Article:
I hope he accepts. Even if its part time. Should be one heck of a coaches clinic for him. About 100 years worth of expedience on this particular Staff.
Collect moments, not wins.

Offline PSLCOACHROB

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Re: Developing Coaches
« Reply #144 on: January 01, 2016, 12:38:40 AM »
Mike,
   I love the te in the passing game as well. In fact, over the years the te has easily been the player we throw to the most in the dw. I think te trips is just about one of the nastiest formation out there. Tes seem to get lost in coverage. If I was running anything other than what we run I think one of our feature positions would be the te. As is, I need that kid to block his ass off and really not a whole lot else. Catching is a bonus for sure but we can work on the passing game for the 3 routes he runs pre practice or steal some time somewhere else.

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Re: Developing Coaches
« Reply #145 on: January 16, 2016, 08:04:16 PM »
In another post the subject of good youth coaching vs average youth coaching came up. We always coached our team to get ready for good teams. It's important to teach sound football, even if the majority of your opponents aren't. By coaching your team to play a quality team, you more than become ready to play the run of the mill team. Don't focus or think your opponent won't do something; instead focus on what good teams do.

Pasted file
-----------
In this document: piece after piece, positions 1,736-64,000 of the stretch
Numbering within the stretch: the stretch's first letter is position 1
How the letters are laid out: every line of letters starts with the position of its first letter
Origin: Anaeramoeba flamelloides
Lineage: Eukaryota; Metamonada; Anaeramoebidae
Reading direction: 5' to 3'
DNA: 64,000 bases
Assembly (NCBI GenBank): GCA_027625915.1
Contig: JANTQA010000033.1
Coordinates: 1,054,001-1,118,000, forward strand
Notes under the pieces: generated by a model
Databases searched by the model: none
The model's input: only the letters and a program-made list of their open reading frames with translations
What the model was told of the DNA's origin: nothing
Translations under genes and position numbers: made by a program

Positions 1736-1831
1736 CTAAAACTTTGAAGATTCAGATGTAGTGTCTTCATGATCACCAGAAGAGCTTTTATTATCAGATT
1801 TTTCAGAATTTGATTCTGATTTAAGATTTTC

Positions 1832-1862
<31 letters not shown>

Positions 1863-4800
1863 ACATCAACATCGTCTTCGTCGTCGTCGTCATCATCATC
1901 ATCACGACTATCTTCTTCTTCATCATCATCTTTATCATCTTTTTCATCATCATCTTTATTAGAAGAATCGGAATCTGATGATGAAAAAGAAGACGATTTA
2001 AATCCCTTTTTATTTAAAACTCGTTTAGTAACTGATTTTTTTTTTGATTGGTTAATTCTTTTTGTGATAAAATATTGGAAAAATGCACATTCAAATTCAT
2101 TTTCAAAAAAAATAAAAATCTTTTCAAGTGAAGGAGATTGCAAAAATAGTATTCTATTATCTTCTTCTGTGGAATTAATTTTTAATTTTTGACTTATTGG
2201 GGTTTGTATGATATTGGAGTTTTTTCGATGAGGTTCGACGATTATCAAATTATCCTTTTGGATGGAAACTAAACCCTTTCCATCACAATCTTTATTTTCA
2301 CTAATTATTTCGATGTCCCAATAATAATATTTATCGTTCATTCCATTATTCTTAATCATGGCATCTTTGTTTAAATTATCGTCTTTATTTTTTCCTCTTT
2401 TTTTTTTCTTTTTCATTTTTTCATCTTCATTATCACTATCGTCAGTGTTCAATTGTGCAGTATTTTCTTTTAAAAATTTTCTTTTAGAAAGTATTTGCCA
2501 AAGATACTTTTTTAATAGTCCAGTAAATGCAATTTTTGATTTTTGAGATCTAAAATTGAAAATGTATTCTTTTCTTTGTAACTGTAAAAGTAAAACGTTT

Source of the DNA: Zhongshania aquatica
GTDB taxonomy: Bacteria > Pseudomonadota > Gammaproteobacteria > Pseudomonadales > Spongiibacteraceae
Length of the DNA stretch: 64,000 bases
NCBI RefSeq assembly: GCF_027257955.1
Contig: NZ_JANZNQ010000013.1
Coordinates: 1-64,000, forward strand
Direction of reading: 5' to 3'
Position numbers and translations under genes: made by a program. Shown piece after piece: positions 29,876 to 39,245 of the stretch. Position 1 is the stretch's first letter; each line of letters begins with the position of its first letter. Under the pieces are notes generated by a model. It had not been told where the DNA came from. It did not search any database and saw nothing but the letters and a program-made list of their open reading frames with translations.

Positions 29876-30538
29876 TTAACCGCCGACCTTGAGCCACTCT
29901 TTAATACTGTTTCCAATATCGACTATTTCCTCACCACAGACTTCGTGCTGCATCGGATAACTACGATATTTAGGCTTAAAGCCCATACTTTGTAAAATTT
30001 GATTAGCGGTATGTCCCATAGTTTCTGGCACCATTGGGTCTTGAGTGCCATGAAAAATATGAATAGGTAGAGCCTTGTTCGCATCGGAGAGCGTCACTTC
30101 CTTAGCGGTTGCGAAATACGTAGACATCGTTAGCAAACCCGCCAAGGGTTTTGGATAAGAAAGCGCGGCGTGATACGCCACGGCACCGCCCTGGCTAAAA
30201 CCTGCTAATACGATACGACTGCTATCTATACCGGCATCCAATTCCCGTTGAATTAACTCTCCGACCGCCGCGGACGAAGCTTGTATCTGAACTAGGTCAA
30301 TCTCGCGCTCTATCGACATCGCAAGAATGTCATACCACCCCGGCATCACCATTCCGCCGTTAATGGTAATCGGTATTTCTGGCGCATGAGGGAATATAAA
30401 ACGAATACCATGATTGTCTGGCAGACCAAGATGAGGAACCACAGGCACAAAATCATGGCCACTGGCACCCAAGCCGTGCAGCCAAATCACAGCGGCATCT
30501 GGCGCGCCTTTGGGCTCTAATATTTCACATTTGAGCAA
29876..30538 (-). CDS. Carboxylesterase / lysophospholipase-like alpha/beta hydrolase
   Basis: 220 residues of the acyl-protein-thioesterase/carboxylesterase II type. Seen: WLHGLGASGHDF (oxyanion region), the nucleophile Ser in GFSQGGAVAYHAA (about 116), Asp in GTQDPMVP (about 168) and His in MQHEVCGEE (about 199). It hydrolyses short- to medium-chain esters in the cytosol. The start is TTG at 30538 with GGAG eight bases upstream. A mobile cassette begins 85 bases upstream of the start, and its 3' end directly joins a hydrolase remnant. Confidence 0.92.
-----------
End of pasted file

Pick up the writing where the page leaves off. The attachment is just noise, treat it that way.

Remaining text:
Joe
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Offline Coach Correa

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Re: Developing Coaches
« Reply #146 on: January 17, 2016, 11:28:24 AM »
In another post the subject of good youth coaching vs average youth coaching came up. We always coached our team to get ready for good teams. It's important to teach sound football, even if the majority of your opponents aren't. By coaching your team to play a quality team, you more than become ready to play the run of the mill team. Don't focus or think your opponent won't do something; instead focus on what good teams do.

Joe